It is impossible to imagine a world without the people who who plant, pick, prepare and serve our food. Many of these people are immigrants who come here for a better life, but are often taken advantage of, paid low wages and are forced to work in unhealthy conditions. Lucas Benitez, Co-Director of the Coalition of Immokalee Workers will speak about Justice for Food Workers; one of the Three Pillars of the BFC.
Justice for Food and Farm Workers
Written by Richard Mandelbaum for the Brooklyn Food Coalition
Food and farm workers are among the lowest paid and most highly exploited workers all over the world. This includes the 20 million food workers in the United States and right here in our towns and neighborhoods.
From harvesting crops to waiting tables, , food workers are frequently denied basic rights and protections given to other occupations under federal law. For example, the U.S. has restricted child labor for decades, but over 400,000 children currently work in agriculture in the U.S., and over 68 million worldwide. Both children and adult farmworkers regularly work under dangerous conditions, including being exposed to toxic chemicals and dangerous machinery. Closer to home, the cooks and dishwashers who work in your neighborhood restaurants typically make minimum wage, and the waiters and waitresses are exempt from the federal minimum wage. Their base salary is only $2.13 an hour, and they have to make up the rest with tips. So it may not be surprising that restaurant workers’ average salary is $15,000 a year– and 9 out of 10 lack employer-sponsored health insurance.
Conditions are not any better for those workers who work in food warehouses, processing plants, and distribution. Almost a quarter of grocery store workers are not even paid minimum wage. Meatpacking workers suffer from worksite injuries at twice the national rate. In one recent year (2008), 100 poultry workers died on the job and over 300,000 were injured. It’s also common for workers to have their wages stolen or withheld by their bosses.
The food system is dominated by immigrant workers.
Many U.S. government policies give massive breaks to giant corporate farms which drive out smaller farms here and abroad. Since immigrants can no longer work in their homeland, they need to migrate to the U.S. in order to feed their families. At the same time, the U.S. government has cracked down on immigration by tightening the border and increasing deportations–making life for undocumented workers very risky. They often have no choice about working long hours with little pay, because their bosses can threaten to report them at any time. Even if workers get legal Guest worker visas, they do little to protect their fundamental rights.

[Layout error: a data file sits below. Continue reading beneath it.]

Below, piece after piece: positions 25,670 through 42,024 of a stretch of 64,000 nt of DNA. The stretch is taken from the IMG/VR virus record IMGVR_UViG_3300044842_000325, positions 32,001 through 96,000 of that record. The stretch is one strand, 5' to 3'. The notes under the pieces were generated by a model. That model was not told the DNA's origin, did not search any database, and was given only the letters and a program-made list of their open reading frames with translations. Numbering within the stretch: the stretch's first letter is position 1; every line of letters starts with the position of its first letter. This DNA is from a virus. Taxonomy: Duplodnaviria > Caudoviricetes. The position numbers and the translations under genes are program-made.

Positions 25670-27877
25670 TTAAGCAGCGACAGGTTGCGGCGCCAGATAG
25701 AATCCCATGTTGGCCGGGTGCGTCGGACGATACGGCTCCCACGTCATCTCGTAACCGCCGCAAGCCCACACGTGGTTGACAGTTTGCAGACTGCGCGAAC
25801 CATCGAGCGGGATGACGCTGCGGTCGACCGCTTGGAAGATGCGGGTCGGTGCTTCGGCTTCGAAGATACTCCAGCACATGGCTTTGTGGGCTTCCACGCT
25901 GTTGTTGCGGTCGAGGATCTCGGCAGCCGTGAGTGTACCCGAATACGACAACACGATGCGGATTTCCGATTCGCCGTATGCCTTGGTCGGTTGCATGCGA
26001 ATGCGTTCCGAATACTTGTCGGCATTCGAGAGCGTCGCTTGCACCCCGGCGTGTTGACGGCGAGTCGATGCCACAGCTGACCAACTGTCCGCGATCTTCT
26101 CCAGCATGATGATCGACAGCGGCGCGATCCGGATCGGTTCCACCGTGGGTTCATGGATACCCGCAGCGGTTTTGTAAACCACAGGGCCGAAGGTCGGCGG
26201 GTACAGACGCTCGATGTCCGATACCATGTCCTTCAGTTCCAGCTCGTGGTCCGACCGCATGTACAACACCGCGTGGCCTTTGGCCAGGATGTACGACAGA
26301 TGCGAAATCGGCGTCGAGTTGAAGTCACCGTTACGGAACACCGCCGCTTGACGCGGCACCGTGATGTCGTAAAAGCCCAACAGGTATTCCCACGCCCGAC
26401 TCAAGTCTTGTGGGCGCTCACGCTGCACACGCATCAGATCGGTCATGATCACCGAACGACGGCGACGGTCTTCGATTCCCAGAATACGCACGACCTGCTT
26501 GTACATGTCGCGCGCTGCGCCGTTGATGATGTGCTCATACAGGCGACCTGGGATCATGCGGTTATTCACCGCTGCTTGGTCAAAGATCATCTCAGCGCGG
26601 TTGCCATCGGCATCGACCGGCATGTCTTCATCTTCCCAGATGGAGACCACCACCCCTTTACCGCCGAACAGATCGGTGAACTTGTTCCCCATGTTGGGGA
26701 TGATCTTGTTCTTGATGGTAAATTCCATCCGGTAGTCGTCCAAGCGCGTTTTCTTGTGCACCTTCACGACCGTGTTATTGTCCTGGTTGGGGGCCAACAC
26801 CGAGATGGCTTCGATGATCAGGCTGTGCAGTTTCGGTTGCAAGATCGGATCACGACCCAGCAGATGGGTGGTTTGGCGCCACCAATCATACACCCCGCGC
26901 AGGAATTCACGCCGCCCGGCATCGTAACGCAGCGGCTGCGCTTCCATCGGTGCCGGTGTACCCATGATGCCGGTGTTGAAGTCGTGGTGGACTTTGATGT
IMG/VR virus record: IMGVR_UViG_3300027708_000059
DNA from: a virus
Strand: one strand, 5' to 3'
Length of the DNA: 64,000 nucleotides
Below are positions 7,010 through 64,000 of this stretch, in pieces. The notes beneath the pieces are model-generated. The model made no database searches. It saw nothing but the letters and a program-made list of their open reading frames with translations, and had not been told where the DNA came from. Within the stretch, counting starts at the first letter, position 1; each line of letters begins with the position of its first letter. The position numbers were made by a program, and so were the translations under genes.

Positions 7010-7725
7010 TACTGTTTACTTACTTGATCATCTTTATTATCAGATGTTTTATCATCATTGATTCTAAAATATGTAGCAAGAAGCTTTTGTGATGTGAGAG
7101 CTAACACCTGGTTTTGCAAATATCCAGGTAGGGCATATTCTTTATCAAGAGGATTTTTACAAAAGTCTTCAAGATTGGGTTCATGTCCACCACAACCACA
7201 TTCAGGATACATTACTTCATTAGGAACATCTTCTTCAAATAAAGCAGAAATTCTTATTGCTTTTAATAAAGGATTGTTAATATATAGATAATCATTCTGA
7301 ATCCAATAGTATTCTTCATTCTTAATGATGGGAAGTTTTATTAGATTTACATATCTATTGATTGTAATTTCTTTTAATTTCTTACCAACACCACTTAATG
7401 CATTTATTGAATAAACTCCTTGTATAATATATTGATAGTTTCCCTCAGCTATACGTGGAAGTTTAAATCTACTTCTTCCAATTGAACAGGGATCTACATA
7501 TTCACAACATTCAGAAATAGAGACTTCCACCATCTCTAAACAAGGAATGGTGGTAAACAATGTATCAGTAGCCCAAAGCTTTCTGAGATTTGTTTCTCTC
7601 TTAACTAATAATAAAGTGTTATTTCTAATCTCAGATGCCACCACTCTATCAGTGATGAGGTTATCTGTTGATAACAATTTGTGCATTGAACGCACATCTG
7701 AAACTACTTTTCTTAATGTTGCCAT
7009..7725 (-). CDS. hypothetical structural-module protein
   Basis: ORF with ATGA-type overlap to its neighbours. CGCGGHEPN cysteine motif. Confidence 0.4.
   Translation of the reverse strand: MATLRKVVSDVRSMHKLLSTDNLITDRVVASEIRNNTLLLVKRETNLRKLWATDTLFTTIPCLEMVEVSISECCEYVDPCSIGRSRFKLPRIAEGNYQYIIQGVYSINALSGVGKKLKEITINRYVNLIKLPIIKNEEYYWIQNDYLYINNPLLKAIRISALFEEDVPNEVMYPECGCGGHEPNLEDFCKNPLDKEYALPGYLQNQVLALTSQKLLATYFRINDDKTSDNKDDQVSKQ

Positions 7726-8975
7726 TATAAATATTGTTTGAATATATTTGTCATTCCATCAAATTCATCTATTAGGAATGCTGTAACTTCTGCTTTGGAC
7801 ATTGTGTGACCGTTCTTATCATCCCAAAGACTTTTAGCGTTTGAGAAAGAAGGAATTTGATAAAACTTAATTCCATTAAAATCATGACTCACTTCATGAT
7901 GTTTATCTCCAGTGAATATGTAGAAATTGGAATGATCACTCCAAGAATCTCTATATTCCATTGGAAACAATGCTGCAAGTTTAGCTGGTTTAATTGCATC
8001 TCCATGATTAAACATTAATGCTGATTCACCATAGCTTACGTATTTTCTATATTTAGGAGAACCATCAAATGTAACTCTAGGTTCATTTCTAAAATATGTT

The struggle for just working conditions by food and farm workers is deeply linked to issues of race, class, and gender.
Three-fourths of all managers in the food system are white, while most low-wage workers are people of color. Women of color suffer the most from wage discrimination, earning half as much as their white male co-workers. Overall seven of the ten worst paying jobs in the U.S. are food system jobs.
Paying workers living wages and ensuring safe and fair working conditions does not have to be in competition with the struggle for food access.
In the U.S. people spend over $1 trillion per year on food, yet only a tiny percentage of the consumer’s “food dollar” goes toward wages for workers. For example, out of every dollar spent on apples, only 5-6 cents goes to the workers who picked them. One study conducted by the University of California found that farmworkers’ wages could be increased by 40% if the average family would pay a mere $9 extra per year for fresh produce. We should not build a cheap food supply on the backs of exploited workers. Ultimately the struggle for food access needs to include living wages for all people. In this way people will be able to afford healthy food without having to make sacrifices in other parts of their lives.
Supporting workers is not only the right thing to do.
It will also help to protect ourselves as consumers as well. Employers who violate workers’ rights are often violating other laws, from pesticide regulations to food safety laws. (2) When any workers’ rights have been systematically denied, none of our rights are truly secure.
Ways we can support the struggle for food and farm workers’ justice include:
Reference and Resources